Note to Reporters: The following column was written by Melissa Wdowik, PhD, RDN, an assistant professor at Colorado State University in the Department of Food Science and Human Nutrition, and director of the Kendall Reagan Nutrition Center.
Have you given much thought to the fiber in your diet? Probably not, if you are like most Americans. While recommended intakes of dietary fiber range from 21-25 grams per day for women to 30-38 for men (depending on age), average intake in this country is about 15 grams for both genders. It may be a bigger deal than you think.
Dietary fibers are complex carbohydrates in plants that your body cannot digest or absorb. Instead, they either form a gel when mixed with water in the gut, or move quickly to the large intestine, where they speed up the elimination of waste. These characteristics have historically placed fibers into one of two groups: soluble and insoluble, respectively. However, research indicates that solubility does not tell the whole story of physiological effects; besides, plant-based foods have mixtures of soluble and insoluble fiber. I prefer to encourage intake of a variety of fiber types, with attention to fiber’s many benefits and dietary sources.
Heart health is one of the best-known benefits of fiber intake. Eating more oat products, legumes (dry beans, peas and lentils) and psyllium (often added to cereal) decreases triglycerides, total cholesterol and LDL cholesterol in the blood. An increase of just 10 grams per day appears to be beneficial; you can get this amount by adding ½ cup navy beans to your dinner, or ½ cup black beans and ½ cup brown rice.
Blood sugar and insulin responses are also improved after a meal containing fiber. Most beneficial are whole grains, legumes, nuts, fruit and non-starchy vegetables. A favorable intake might include oatmeal with nuts and berries for breakfast, a large colorful tossed salad for lunch and lentil tomato soup for dinner.
Digestive issues such as irritable bowel syndrome, diverticular disease and slow-moving bowels can be prevented or treated with a fiber-rich diet. The key is to increase fiber intake gradually and increase fluid intake at the same time. For example, swap a donut for a cup of psyllium-enriched breakfast cereal on days 1 and 2, continue this and replace fast food with a whole wheat tortilla wrap on days 3 and 4, and continue both of these while adding ½ cup vegetables to dinner on days 5 and 6, adding a glass of water to each meal as well. Since the gut reacts differently in each of us, consult your doctor or dietitian for additional information.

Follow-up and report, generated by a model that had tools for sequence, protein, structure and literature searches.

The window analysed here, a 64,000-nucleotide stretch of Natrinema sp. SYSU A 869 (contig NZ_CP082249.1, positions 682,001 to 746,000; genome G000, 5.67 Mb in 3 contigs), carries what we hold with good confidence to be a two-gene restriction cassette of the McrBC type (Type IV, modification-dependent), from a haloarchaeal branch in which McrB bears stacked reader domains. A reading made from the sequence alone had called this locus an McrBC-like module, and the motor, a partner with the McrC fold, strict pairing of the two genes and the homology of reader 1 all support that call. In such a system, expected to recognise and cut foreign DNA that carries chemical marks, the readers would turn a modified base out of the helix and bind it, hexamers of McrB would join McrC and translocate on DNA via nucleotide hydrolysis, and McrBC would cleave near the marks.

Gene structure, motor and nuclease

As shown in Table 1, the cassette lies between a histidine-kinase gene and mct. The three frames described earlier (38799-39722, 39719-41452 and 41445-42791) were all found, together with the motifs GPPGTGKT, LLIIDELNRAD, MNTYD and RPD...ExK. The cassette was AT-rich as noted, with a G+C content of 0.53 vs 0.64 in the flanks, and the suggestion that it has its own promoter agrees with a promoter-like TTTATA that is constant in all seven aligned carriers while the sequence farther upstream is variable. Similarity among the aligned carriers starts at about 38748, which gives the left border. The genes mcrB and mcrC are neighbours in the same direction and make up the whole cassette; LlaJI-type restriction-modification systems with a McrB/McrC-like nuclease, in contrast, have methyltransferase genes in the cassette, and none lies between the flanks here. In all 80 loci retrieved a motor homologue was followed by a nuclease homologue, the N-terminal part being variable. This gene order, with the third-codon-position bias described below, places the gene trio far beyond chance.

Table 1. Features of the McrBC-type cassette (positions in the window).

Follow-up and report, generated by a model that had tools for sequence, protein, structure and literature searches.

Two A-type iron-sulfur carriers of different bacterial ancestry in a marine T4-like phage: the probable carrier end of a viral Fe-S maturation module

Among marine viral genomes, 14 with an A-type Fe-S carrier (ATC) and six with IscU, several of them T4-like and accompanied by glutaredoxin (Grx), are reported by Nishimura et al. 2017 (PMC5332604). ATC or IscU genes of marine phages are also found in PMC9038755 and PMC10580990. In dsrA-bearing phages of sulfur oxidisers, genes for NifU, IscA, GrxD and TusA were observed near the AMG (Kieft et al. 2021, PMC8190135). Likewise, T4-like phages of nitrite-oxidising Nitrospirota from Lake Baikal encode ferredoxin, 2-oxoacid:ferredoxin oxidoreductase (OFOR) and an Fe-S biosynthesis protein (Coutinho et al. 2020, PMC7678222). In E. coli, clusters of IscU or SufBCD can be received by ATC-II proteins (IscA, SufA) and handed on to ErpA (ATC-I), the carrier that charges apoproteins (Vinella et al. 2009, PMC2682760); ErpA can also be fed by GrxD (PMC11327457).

Fermentation is a process that breaks down some fibers into beneficial end products. These fermentable fibers are called prebiotics, and contribute to the health of the gut by stimulating good bacteria to promote both digestion and immunity. Notable sources include bananas, onions, leeks, garlic, fruit, soybeans, asparagus and chicory root. Chicory is a significant source of inulin, the fiber that is artificially added to foods to increase their fiber content; examples include Fiber One 90 calorie bars and Chobani 100-calorie yogurt, each with 5 grams of fiber from chicory. But beware! This form of fiber causes gastric discomfort, bloating and gas in many people, and is a perfect example of the advantage of real food over supplementation.
Weight loss is another benefit of a high-fiber diet because of its tendency to make you feel full and eat less, while also slowing digestion. Try to replace processed snacks such as chips and pretzels with fruit, seeds and nuts. At meals, incorporate vegetables, barley and beans while cutting back on meat and white pasta.
The easiest way to increase your fiber intake is to eat more fruit, vegetables, legumes and whole grains. Aim to eat a wide variety of different types of fiber, and remember, add fiber gradually while increasing the amount of water you are drinking. The benefits are almost endless.
Melissa Wdowik, PhD, RDN, FAND, is an assistant professor at Colorado State University in the Department of Food Science and Human Nutrition, and director of the Kendall Reagan Nutrition Center.